European Union Projects

European Union Projects

16040 PHEW (Personal-Health-Empowerment)

Rising costs of healthcare due to the ageing population and related increase of non-communicative diseases urges for finding ways to save expenses by diminishing the need for care and making the current care more efficient. Current care provision is reactive, and process driven, treating patients according to predefined pathways with limited possibilities to take into account the individual needs or abilities. Health authorities and care providers are finally noticing the one resource that had remained unused – the person or patient him/herself! By starting with the primary need of the person – to be healthy – and including him/her into the process in an active role, new paradigms for care become possible. Significant cost reductions can be achieved by preventive solutions to help the person adopt a healthy lifestyle – thus reducing the number of patients – and by providing the person with tools to actively participate in the treatment when diseases do arise – thus decreasing the burden on care personnel. The main goal of this proposal is to empower people to monitor and improve their health using personal data and technology assisted coaching.

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17039 XIVT (Excellence In Variant Testing)

Within the XIVT (pronounced “shift”) project, a method and toolchain will be defined for testing highly configurable, variant-rich embedded systems in the automotive, rail, industrial production and telecommunication domains. This enables a highly effective, cost-efficient quality assurance, allowing the shift to autonomous, flexible and adaptive applications in these domains. Base of the method is a knowledge-based analysis of requirements formulated in natural language, and a model-based test generation on the product-line level. The XIVT project will result in modules and open-source packets for the enhancement of existing domain-specific testing tools, a reference implementation of the resulting method and toolchain, and an ecosystem of services around the proposed methodology.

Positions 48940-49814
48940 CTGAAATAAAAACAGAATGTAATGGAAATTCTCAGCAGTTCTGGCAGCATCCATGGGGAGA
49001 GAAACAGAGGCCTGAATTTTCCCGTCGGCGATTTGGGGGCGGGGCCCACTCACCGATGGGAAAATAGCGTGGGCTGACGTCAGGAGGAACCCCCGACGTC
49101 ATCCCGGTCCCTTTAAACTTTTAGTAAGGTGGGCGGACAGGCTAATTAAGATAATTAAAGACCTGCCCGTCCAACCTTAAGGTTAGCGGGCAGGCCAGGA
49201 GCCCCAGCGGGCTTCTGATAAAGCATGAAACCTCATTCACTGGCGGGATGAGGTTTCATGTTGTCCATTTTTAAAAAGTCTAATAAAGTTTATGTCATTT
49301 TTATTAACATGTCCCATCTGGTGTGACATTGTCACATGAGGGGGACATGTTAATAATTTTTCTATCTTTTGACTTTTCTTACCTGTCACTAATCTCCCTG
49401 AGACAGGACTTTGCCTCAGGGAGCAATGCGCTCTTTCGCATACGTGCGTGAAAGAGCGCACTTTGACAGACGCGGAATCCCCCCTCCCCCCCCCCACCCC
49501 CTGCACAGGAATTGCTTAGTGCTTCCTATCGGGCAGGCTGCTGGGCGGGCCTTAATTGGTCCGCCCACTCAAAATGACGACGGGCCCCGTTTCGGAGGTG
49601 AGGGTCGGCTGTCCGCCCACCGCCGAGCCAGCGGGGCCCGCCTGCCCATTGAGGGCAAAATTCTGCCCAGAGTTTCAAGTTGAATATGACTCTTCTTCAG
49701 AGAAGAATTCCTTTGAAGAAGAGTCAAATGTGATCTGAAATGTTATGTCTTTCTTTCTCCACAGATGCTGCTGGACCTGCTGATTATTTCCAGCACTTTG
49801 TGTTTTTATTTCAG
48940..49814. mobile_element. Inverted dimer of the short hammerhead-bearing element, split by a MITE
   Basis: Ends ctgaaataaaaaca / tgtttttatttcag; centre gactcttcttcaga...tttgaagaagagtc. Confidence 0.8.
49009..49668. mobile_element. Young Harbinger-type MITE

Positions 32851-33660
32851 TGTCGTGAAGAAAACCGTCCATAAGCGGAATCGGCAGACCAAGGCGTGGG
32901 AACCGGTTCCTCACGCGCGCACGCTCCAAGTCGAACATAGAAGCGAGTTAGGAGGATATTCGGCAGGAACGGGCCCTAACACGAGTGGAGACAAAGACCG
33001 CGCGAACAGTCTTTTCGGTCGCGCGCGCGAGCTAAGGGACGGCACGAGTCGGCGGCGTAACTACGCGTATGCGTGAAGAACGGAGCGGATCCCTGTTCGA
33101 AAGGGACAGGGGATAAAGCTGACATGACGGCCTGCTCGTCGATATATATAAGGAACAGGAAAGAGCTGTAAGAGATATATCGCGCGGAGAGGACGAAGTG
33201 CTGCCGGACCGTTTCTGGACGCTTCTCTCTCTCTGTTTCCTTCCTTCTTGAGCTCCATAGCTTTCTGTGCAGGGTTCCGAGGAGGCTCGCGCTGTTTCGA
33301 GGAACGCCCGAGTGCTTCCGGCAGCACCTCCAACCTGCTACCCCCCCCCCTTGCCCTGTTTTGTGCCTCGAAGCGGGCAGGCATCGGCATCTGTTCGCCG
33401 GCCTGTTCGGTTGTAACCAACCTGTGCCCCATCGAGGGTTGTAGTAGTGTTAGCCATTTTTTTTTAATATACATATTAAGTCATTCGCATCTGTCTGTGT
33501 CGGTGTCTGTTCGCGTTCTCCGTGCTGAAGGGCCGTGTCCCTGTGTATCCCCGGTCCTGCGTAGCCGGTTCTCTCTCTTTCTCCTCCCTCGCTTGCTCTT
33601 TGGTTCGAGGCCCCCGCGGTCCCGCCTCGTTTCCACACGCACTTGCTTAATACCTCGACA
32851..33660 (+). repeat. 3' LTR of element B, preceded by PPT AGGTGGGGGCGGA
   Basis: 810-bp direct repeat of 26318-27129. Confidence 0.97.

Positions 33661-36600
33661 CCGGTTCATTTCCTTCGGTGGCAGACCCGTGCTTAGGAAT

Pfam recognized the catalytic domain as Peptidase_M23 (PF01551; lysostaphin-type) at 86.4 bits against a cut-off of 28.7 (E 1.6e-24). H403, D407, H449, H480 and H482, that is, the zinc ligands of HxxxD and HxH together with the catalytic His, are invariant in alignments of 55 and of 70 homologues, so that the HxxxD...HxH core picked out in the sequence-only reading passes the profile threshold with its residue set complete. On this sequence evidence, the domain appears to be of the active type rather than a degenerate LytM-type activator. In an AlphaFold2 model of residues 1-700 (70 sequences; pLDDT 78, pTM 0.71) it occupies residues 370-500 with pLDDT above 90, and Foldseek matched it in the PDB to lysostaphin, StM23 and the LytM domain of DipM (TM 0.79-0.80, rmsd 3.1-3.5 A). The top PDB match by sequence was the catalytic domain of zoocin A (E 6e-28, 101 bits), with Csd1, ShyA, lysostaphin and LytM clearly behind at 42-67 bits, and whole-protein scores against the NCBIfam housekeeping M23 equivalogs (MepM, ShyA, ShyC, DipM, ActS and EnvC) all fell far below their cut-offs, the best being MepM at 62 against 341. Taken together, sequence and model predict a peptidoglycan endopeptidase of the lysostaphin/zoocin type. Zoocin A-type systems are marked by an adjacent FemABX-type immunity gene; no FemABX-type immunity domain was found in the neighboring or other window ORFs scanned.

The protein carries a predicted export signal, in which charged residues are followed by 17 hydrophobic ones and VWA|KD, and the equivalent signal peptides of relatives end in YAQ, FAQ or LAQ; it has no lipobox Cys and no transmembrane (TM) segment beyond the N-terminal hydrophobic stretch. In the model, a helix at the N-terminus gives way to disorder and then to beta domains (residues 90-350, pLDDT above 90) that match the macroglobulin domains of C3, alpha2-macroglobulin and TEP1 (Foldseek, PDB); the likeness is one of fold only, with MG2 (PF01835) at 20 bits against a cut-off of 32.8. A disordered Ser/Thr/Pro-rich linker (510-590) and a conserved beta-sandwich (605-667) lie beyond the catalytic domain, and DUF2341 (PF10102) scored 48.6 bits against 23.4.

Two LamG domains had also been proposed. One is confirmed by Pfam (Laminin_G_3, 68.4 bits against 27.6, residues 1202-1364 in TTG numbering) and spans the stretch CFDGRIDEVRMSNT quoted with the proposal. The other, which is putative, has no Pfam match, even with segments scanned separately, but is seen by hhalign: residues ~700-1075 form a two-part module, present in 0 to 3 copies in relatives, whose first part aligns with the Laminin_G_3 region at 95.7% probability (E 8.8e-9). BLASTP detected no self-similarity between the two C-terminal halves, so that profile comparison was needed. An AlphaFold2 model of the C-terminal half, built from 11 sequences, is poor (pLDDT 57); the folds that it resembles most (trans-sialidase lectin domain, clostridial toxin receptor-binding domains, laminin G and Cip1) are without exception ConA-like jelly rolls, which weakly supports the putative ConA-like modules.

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17020 POLDER (Urban Data Policy Lab: POLicy & Data Exploitation & Re-use)

Recent advances in technology, from wireless sensor networks to big data processing and analysis, are radically changing our cities, by introducing new services for the citizens, and improving existing ones both in terms of efficiency and reduced costs. Urban policy making is a fundamental aspect of such transformation and can benefit from such emerging technologies with new supporting tools and optimized processes. Currently though, policy-making is not benefiting from these developments. This will be addressed in the POLDER project.

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18032 FoodFriend (Autonomous and easy-to-use tool for monitoring of personal food intake and personalised feedback)

What and how much we eat has an important impact on our health. Diet-related diseases are a major public health concern and continue to endanger our population health and the sustainability of our healthcare systems. Unbalanced food intake (relating to both what and how much we eat) can result in metabolic disturbances, malnutrition, overweight, poor mental performance and other medical risk factors like hypertension, and osteoporosis. This can further lead to cardiovascular diseases, type 2 diabetes, hip fractures, liver pathologies, Alzheimer’s disease and cancer. [1] It is evident that these issues are found both in free living as well as hospital/nursing home settings. Therefore, the newly developed Food Friend technology as presented in this proposal will be oriented towards (1) Prevention of malnutrition in nursing homes and in patients using tube feeding and (2) Nutritional trans-mural care of chronic diseases (obesity, type 2 diabetes)

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18003 APE: Automatic Privacy Explorer

Since 2018, every company dealing with European citizen personal data has to build its GDPR registry. Listing all personal data managed every day by the company can be an easy task because processes are well defined and documented, but finding all other data rarely used and stored internally can be a real challenge.

All companies often have some contact details or resumes about Human Resources candidates, documents containing personal data received by email, contact details from meeting attendees, … the list can be very long and varied. Finding all these personal data, checking if they have to appear in the GDPR registry or be deleted is a really big challenge for companies.